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(1903-1939 and W.W.2)
A reel as odd and charming as the maker himself, Louie Bouglé was a existential character. With a name most westerners have trouble pronouncing, the Bouglé is a time capsule of angling history exceedingly rare to find in its original form with a price tag to insure longevity for die hard collectors.
Louis Bouglé was always “Eccentrically dressed with his “porthole glasses”, his incredible cap, his Fishing basket, landing net and binoculars”. Characteristically speaking, Bouglé was one to go against the current trends, “when everyone else was donning a full mustache, his face was shaved clean”. Quote and info from John Drewetts , Hardy Brothers~ The Masters the Men & Their Reels , aka, a modern day “Bible” for us crazed with Hardy “Feva”, where the only cure is to collect more reels and insights on the subject!
I am fascinated to learn about the individuals who created and greatly influenced so many of the pieces I fish and cherish today. Early on in my collecting, I was never a huge fan of this particular Hardy model as I found myself regularly baffled as to each of the Bouglés line capacities; a 1/4” step smaller than what was actually stamped on the reel. Learning from the pages of faded, sepia toned Hardy catalogs, and hand written letters (yes, ye old pen and ink!) back and forth from this young girl to the other side of the pond, my mind was already blurred from the myriad of bits and pieces of information I had assessed which only led to more unanswered questions.
Clearly, I was not understanding the premise for how and why the frame was brought about in the first place; coupled with a price tag that was wayyy out of my price range, the Bouglé became a reel I overlooked for several decades before the light came on. Shameful, I know, but in looking back now, I see how it’s all apart of the learning curve.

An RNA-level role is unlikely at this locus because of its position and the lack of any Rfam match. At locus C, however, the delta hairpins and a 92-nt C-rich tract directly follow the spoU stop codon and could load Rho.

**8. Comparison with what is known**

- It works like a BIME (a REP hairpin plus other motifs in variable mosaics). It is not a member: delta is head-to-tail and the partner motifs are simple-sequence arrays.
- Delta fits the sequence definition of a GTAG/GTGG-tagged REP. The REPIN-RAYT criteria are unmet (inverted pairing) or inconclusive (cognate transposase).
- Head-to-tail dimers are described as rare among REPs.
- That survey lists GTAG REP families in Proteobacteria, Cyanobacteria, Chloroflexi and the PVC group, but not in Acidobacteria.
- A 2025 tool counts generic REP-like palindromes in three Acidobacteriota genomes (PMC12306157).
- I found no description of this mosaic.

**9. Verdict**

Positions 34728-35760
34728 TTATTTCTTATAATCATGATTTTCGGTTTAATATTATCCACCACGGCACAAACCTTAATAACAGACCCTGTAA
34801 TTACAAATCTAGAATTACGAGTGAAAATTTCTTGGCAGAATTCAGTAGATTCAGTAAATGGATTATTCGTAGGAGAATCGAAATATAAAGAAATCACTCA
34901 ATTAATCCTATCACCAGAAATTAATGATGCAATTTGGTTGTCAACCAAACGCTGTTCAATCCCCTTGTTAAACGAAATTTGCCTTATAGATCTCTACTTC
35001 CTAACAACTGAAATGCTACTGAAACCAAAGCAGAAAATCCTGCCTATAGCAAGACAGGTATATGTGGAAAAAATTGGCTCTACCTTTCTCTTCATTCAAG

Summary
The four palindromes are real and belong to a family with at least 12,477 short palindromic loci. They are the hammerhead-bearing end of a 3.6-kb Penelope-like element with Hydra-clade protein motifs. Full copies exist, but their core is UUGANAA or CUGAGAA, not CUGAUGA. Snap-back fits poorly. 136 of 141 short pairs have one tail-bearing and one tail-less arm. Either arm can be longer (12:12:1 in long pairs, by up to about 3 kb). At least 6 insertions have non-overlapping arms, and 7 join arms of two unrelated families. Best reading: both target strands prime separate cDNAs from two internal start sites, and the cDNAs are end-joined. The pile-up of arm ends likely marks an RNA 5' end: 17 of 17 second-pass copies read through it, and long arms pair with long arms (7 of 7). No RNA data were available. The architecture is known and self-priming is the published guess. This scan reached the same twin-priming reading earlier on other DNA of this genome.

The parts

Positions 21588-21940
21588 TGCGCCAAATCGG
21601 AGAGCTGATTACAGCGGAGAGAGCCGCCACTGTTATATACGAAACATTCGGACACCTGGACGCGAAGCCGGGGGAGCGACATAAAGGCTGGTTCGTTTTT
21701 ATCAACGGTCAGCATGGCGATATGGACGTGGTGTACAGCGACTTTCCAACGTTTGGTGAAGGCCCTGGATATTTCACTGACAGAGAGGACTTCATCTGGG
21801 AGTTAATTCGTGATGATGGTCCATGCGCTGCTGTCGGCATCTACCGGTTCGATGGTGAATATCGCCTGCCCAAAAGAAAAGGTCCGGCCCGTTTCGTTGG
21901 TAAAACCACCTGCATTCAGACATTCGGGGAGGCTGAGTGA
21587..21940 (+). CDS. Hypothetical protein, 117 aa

For as far as I could see then, The Bouglé would just have to wait.
In 1903 Hardy first catalogued the Bouglé. Louis had approached the company to make a reel that was wide enough to balance fly rods between 4 1/2 ounces to 8 ounces with excellent line capacity. What I would do to have been a fly on the wall for these initial conversations are details I ponder in the night. The first Bouglé was only produced in a 3“ size and was lighter than a contemporary 3” Perfect by 3 1/4” oz!
Easy to identify, the Bouglé features several raised flanges that protrude from the rims of the reel and earliest models dawn a strapped tension screw. Over the years, the Bouglé was outfitted with a 1910, 1912 and Mark II check and most early models finished “in the white”, or shiny, and some later Black leaded, or bronzed; from 1939, Bouglé’s were finished with either a matte black paint or papered bright and then lacquered.
Here in lies the tricky part about measuring a Bouglé compared with a standard Perfect: Traditionally, we measure a reel across the face of the winding plate from the widest point to the widest point. However, because the four raised portions on the Bouglé that separate the roller pillars and how the foot was attached to the reel itself thus reducing the overall weight, end up measuring out at least a quarter inch larger than what the actual line capacity truly is. In other words, a Bouglé listed as 3 inch was closer to a 3 1/2” in diameter if you include the rim and the raised portions and, the reels were and are still stamped as such. Thus, a 3 3/4” Bouglé is more like a 3 1/4” wide Perfect for its line capacity.
The Bouglé was laborious to build and Hardy workers received bonus pay upon finishing each piece although it has been reported that the tip was not nearly enough for all of the extra work. The 1925-1939 Production books share with us that only a small number of reels were manufactured and we know production was paused during WWII; only a handful of reels were put together using pre-war parts. The Bouglé was never re-introduced after the war and the pieces we see today in fly shops throughout the country are mostly heritage type reproductions.
After studying about Mr. Bouglé himself, it made so much sense how the chosen material of “nickel silver, shining in the sun like a mirror of larks“, was a reflection of the man himself.
A well liked, out-of-the box thinker who was hard working and passionate, Bouglé would be extremely flattered to know how his name is infamous throughout angling history all because of his unique idea to change the iconic Perfects’ frame in order to lighten the reel. Certainly, the results are held with deep appreciation to this day and to the collectors’ gain!